HF radios, both Marine SSB and Ham don't take up much space. The radio transciever and tuner are the big bulky items. The radio can easily be fitted with a mounting bracket almost anywhere on the boat the same as a VHF radio. Most people put them in their Navigation area but can go anywhere they are comfortable to use. The tuner is a water resistant box that can be mounted anywhere near the antenna, the nearer the better to the antenna. Mine is tucked up under the lazarette and takes up space that is essentially a void that nothing else fits into. Essentially, they don't crowd out anything and would work just fine on an 18' boat as a 70'. HF radios do use pretty high amounts of electrons when transmitting. The reality is you don't spend long hours transmitting even using a Pactor modem's digital transmissions. Unless you have a big mouth and have to dominate every conversation with long pontifications, even long radio contacts don't eat up much juice. Yes you will need a battery but current drain is minuscule compared to energy hogs like refrigeration or water-makers. Even a small solar array should more than cover your energy needs.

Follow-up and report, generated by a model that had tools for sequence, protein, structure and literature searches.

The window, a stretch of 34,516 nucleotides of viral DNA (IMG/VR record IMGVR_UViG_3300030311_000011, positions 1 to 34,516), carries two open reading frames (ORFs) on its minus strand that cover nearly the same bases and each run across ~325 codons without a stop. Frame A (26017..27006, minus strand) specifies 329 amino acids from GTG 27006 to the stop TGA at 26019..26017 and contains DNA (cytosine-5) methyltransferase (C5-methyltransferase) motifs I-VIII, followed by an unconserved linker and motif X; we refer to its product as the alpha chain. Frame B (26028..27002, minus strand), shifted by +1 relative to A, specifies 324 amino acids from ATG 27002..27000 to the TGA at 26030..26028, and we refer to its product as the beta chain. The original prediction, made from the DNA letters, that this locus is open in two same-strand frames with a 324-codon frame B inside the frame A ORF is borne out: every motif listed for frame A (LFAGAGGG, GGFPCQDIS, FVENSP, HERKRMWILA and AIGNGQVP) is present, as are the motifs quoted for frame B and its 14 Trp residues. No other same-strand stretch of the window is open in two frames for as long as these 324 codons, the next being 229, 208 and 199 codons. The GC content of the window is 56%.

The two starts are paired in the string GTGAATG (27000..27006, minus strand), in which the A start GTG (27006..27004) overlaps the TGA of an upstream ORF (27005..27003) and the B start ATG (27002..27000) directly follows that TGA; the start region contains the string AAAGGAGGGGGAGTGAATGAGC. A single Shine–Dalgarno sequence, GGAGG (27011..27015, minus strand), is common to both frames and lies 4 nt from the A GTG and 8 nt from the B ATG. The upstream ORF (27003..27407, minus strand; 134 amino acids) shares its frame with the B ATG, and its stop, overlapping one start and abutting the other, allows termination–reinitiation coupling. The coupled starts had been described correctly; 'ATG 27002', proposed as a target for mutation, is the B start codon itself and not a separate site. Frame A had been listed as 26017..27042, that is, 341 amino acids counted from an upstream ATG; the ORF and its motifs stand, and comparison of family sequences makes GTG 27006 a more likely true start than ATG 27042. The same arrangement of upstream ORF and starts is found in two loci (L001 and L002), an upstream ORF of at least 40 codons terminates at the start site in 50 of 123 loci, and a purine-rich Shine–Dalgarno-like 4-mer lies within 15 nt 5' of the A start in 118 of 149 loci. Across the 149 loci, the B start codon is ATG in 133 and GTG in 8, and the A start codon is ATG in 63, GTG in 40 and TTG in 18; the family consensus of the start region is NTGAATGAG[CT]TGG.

There is a learning curve to effectively using an HF radio. It's mostly not about actually using the radio but figuring out which frequencies work the best at what times you want to transmit and how far away you want to talk. 20 meters/14mhz is a pretty much universal frequency band for long distance daylight transmission with relatively clear signals. Higher frequencies give much less static and background noise but have had very limited usage because of the suns activity or lack there of. Lower frequencies work fine at shorter ranges in the daytime and longer ranges at night. It all has to do with different propagation effects of the upper atmosphere that change day to night. It's covered in ham licensing exam and will give you a rudimentary ability to work with your radio. The more you play with the radio, the more familiar you will become with which frequencies work best when.